Because the respiratory movement of the mother modulates her *B*'s (respiratory sinus arrhythmia), we included this signal in the description of the changes in foetal *B*'s. Additionally, we try to describe the maternal heart rate variability the other way around for comparison. We used a nonlinear additive autoregressive process with external influences (equations (2.1) and (2.2)), a beat-to-beat model which considers linear as well as nonlinear interaction because the form of the possible coupling is unknown,(2.1)and(2.2)The external influences are predecessors of the linearly interpolated maternal values at the time of the foetal heartbeats ( in equation (2.1)) and the foetal values in equation (2.2). The autoregressive part contains previous values of the foetal signal (equation (2.1)) and (equation (2.2)). All other unexplainable disturbances in the foetal as well as maternal beat-to-beat signal were summarized by a stochastic term and , respectively. Since we had no information about the transformations of the predictors *f*_{j}, *g*_{j}, *k*_{j} and *l*_{j}, we used a non-parametric iterative regression (see appendix A*a* and A*b*) because the form of the functions is unknown. In order to take the idea of Granger causality into account, this fitting routine is combined with a model selection algorithm (see appendix A*c*). This procedure selects stepwise single predictors from the *p* (in our case, 10 foetal beats), first predecessors of the foetal and maternal *B*'s, which predict mostly the response variable *B*_{foetal}. At the same time, the required linear or nonlinear transformations *f*_{j}, *g*_{j}, *k*_{j} and *l*_{j} of these predictors are estimated by an enclosed non-parametric regression called backfit (figure 5). The selection is stopped if the prediction does not increase significantly after adding a new predictor (measured by the GCV; see appendix A*c*). The mean value of the response variable 〈*B*_{foetal}〉 and 〈*B*_{maternal}〉 must be included because the backfit is unique except for a constant. The automatic selection of external predictors would indicate the existence of the coupling between foetal and maternal *B*'s. Their lags and transformations would give us information about the time scale and the kind of coupling, respectively.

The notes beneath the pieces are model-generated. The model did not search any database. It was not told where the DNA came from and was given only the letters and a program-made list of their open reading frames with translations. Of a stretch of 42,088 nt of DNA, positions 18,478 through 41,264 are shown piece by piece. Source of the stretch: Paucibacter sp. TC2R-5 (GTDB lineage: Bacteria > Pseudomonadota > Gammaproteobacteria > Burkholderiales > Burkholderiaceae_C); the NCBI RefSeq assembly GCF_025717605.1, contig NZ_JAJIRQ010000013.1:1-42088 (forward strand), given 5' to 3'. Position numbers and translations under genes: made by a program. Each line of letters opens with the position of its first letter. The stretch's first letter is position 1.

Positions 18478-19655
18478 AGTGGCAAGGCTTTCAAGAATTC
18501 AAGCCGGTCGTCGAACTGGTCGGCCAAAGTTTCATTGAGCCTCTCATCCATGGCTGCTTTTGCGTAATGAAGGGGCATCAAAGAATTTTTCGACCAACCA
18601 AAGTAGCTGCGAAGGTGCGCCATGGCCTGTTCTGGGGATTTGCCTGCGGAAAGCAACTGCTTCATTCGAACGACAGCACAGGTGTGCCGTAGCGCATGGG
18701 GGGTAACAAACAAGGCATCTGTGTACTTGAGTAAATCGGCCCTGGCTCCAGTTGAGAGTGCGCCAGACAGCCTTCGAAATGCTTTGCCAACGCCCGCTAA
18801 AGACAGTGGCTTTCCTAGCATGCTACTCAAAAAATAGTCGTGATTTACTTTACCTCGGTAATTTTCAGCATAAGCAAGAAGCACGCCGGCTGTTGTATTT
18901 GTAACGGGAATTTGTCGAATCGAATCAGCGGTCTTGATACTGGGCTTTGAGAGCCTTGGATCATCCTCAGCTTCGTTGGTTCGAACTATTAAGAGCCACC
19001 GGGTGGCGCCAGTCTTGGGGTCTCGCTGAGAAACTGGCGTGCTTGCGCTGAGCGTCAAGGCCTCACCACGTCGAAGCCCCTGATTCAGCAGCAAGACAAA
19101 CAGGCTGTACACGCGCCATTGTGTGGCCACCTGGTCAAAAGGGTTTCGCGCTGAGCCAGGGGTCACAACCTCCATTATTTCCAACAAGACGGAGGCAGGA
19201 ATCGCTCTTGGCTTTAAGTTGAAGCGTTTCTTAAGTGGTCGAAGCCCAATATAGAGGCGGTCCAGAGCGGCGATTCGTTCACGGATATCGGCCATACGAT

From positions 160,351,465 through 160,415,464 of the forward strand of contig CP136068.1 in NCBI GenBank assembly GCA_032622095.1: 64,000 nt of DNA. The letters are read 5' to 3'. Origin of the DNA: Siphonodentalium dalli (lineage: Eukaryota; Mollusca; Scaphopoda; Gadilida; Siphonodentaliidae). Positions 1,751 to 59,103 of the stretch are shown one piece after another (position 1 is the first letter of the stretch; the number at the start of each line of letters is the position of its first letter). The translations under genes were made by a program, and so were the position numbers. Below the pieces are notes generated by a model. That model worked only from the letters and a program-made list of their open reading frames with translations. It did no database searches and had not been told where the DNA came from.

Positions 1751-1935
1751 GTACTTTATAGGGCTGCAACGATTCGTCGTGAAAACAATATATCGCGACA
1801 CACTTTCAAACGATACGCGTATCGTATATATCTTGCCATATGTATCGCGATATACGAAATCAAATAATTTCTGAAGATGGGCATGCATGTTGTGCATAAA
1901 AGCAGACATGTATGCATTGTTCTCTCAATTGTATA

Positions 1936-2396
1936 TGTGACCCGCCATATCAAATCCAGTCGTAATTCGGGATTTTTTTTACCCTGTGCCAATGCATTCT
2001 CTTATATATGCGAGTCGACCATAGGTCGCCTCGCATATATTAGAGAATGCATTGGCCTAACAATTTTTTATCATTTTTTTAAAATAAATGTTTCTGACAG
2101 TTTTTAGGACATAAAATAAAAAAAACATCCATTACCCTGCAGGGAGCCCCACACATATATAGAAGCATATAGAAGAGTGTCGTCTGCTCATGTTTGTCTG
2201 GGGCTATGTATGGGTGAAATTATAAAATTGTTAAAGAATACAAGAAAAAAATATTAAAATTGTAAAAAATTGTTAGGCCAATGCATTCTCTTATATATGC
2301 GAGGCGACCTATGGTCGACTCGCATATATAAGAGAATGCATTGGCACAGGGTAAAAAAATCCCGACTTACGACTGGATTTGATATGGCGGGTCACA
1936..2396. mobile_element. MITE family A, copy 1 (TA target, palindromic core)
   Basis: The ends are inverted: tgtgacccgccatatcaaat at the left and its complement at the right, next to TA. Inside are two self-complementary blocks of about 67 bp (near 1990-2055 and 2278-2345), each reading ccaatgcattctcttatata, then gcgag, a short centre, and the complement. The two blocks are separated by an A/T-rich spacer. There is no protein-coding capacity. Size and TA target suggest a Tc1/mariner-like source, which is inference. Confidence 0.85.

In order to test the relevance of this approach, we looked at episodes of the time series both with and without assumed synchronization caused by a short-term regulation (i.e. original and surrogate) and analysed both in the same way. We expected that in the surrogate cases no external predictors will be selected for describing the short-term fluctuation of the foetal *B*'s.

We also tested our approach on the basis of the simulation of the foetal *B*'s by the fitted models. We used the original interpolated maternal signal for simulation. The standard deviation of the stochastic term was estimated by the deviation of the difference between the response variable and its one-step prediction of the model. The transformations *f*_{i} of the new foetal values were linearly interpolated. If the model is adequate, this should result in epochs of synchronization with the same ratio as in the original datasets and no synchronization with respect to the selected parts without synchronization (figure 6).

## 3. Results

In all three cases, synchronization was found in the original data. For the first example (figure 1), synchronization of ratios 3 : 2 and 5 : 3 could be detected (figure 2). The second example showed the combinations 2 : 1, 3 : 2, 5 : 3, 4 : 3 and 7 : 4 and in the third dataset only 5 : 3 and 7 : 4 synchronization could be found (synchrograms not shown). In all three cases, the majority of the detected synchronization events had the ratio 5 : 3.

The synchronization analysis of the foetal surrogates and the maternal signals showed that the largest part of the detected epochs resulted from stable runs of specific mean foetal and maternal *B*'s and could be reproduced by white noise. Only a few episodes with a maximum length of 10 s could not be explained by the surrogate results (figure 4). These were assumed to represent synchronization resulting from foetal short-term regulation. In order to produce reliable results from the model fitting, we chose a larger part of the dataset (length of 50 s), which includes these short epochs as well as periods without synchronization. In the first case (figure 1), we chose the interval from 100 to 150 s (figure 2). By contrast, the interval of 1–50 s (in figure 1) was presumed to be periods without synchronization associated with short-term regulation. The considered part is framed in figure 1, for example.